Group opposing lights on fields aims to delay Md. vote on park funds

Lobbyist, delegate work to defer decision to sway county to change its plans

September 22, 2004|By Larry Carson | Larry Carson,SUN STAFF

Lobbyist Bruce C. Bereano and Del. Warren E. Miller are working to persuade Gov. Robert L. Ehrlich Jr. to delay today's vote on state money for Howard County's 161-acre Western Regional Park - unless the county abandons plans for three lighted athletic fields.

Bereano, who has assiduously wooed the Republican Ehrlich administration since it took power, represents park neighbors who don't want lighted fields, but who lost their battle in May with the Democratic-majority County Council.

Now they hope to persuade Ehrlich to help with their fight by deferring a Board of Public Works vote on the money - even though county officials said no state funds will be used for the lights. Work on the park is under way, with the first five fields - including the lighted ones - scheduled for completion next fall.

"This is a great deal of money. I may be exaggerating a little bit, but they're building like a Six Flags [amusement park] out there," Bereano said, adding that he would drop his opposition if the lighted fields are eliminated.

Miller, a western county Republican, said his constituents want the project scaled back.

"I think the concept of a park with ball fields is a great idea, but we're taking Glenwood suddenly and making it a metropolis," he said.

But County Executive James N. Robey said the three lighted fields represent a compromise agreed to by County Councilman Allan H. Kittleman, a western county Republican, who initially opposed the lights but went along when it became clear he didn't have the votes to kill the plan.

"This was approved unanimously by the council. I feel very strongly that we owe it to the kids and adults who would use the fields to provide lighted fields," Robey said.

Jack Milani, a Glenwood resident and treasurer of a lacrosse league, said the county has trimmed park plans, removing an amphitheater, a lake and other features residents complained about during four years of public meetings. Sports boosters like Milani complain the county doesn't have enough playing fields to meet demand.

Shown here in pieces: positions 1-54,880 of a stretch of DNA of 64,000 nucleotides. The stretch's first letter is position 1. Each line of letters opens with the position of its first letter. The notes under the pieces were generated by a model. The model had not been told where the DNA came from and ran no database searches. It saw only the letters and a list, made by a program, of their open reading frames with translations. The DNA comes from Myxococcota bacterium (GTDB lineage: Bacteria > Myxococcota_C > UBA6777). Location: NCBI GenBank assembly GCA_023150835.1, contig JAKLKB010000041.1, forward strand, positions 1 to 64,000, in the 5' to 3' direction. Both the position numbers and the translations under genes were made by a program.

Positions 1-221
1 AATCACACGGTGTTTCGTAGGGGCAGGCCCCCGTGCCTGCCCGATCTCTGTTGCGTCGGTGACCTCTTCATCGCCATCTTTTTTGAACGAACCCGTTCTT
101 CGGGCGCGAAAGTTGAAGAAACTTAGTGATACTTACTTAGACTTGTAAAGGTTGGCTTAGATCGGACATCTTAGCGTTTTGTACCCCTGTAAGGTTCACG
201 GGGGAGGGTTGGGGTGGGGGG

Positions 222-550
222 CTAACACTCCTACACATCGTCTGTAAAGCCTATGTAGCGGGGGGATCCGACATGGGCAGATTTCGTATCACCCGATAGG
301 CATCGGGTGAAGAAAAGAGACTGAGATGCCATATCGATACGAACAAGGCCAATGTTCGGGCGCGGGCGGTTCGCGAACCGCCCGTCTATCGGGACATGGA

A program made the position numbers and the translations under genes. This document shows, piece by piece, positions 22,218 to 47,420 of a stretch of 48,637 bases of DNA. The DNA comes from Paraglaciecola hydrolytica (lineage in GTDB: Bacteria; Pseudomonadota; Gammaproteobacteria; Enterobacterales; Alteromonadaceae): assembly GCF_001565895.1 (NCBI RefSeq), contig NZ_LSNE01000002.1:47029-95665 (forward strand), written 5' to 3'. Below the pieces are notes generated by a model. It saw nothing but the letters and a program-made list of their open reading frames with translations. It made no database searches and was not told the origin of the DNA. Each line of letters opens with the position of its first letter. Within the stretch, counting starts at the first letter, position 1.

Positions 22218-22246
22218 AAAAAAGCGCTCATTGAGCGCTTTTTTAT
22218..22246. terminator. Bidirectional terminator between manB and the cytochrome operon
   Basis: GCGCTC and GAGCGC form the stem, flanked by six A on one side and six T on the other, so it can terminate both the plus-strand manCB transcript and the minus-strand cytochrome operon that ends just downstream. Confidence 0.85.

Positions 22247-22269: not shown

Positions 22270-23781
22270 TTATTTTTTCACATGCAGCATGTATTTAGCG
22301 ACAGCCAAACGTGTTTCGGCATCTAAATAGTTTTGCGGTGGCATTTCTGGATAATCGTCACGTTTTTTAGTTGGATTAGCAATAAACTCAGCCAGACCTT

County Recreation and Parks Director Gary J. Arthur and house delegation chairman Del. Neil F. Quinter were also to appear at today's vote, but in support of the request.

"We want that approval so we would not have a delay in the park development," Arthur said, adding that having a delegate oppose money for a county park in his district is unusual.

"I've never seen that done before," Arthur said.

The board is scheduled to vote on $534,114 to continue the first phase of the project, which will pay for grading and installation of parking lots, roads, five athletic fields and a concession stand. The entire project will cost $14.3 million. The state share is $10.6 million, of which $4.3 million has been approved.

Kenneth M. Alban, administrator for capital projects and park planning, said the county sent a letter to state officials in June noting that no state open space money would be used for the lights.

County officials and recreation leaders insist that to spend millions of dollars on a park and then let fields sit idle during evening hours would be a waste of money. The county wanted five lighted fields, but the County Council funded three to appease the opponents.

David Gould, president of the Soccer Association of Western Howard County, said Bereano represents only several dozen people.

"We have the support of our club, which represents 750 families in western Howard County. They were all happy the park was going to proceed forward," Gould said. "It's a shame that a group like that has hired lobbyists to go out and try to kill things like this."

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